Statins, a group of lipid-lowering drugs have been found to be useful in unclogging blood vessels in a study conducted by a team of Canadian scientists. They have revealed that the statins remove excess cholesterol and fats and these findings might help in understanding how the drug works and also may provide ways to improve similar drugs in the future.
A type of white blood cell called macrophage is responsible for the accumulation of fat in blood vessels, leading to inflammation and plaque formation on the inner linings of the vessel. Macrophages produce enzymes called lipases that have been shown to promote fat accumulation in blood vessels.
Drugs called statins decrease the accumulation of fat in macrophages but their effects on lipases have not been explored yet, researchers say.
John S. Hill and colleagues studied the effect of a statin drug called atorvastatin on two lipases, called lipoprotein lipase and endothelial lipase, which break down different types of fats.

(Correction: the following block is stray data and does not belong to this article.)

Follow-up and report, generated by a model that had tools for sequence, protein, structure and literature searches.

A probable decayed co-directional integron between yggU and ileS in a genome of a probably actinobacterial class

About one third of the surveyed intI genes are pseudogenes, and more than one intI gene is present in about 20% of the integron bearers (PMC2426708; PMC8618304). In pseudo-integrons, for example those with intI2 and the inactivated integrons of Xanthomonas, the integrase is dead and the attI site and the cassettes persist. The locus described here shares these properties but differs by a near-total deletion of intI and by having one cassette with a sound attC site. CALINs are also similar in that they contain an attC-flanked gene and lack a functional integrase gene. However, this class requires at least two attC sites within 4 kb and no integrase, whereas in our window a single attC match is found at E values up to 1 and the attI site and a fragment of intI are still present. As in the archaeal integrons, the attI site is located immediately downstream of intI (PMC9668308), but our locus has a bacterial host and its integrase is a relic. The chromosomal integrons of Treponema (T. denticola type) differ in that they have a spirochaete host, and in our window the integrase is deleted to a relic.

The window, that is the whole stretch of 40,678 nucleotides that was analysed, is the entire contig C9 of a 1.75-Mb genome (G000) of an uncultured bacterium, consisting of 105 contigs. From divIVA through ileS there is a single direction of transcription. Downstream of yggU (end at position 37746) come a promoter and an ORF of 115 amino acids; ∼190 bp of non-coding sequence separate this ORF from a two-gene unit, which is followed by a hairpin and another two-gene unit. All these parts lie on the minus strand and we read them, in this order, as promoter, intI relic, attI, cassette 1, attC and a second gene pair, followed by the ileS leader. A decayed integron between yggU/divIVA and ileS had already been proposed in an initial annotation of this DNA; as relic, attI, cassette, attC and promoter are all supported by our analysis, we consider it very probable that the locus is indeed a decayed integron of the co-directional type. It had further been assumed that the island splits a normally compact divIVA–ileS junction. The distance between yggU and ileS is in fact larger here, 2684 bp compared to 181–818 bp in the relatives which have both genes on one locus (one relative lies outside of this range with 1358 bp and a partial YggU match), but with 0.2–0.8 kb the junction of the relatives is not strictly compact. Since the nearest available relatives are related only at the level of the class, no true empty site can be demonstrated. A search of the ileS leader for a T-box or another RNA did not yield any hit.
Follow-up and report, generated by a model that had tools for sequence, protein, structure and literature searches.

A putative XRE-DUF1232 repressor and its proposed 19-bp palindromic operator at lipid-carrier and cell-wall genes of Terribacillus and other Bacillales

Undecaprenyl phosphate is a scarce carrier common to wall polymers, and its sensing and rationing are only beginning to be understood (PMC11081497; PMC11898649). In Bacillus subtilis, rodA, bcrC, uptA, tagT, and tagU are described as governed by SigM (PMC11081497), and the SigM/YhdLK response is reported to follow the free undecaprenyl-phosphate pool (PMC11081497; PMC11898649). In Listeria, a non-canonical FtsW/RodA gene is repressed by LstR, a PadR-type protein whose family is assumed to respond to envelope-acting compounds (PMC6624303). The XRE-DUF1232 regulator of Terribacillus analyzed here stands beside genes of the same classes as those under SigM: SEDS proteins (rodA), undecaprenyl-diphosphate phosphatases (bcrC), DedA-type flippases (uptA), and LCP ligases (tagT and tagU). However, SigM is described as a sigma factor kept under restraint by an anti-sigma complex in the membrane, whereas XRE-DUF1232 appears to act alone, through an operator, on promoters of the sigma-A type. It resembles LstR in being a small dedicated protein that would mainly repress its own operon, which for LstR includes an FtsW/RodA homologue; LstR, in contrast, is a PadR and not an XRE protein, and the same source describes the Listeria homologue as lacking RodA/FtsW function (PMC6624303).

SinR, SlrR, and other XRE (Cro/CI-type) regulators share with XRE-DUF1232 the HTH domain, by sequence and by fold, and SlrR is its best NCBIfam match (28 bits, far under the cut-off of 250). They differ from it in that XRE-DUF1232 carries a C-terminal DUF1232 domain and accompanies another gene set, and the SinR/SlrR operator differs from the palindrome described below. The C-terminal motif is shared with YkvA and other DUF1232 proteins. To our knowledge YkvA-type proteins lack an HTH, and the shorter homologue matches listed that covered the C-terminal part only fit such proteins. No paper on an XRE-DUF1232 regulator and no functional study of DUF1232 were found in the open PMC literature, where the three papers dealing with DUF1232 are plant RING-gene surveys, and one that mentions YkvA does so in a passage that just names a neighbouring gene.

The researchers showed that the statin significantly reduced the levels of both lipases in macrophages and described in detail the proteins that are affected within the macrophages.
These results may help to understand how other statin drugs work and could help design better drugs against heart disease in the future, the scientists conclude.
The paper entitled "Atorvastatin Decreases Lipoprotein Lipase and Endothelial Lipase Expression in Human THP-1 Macrophages," is published in the October 2007 issue of the Journal of Lipid Research.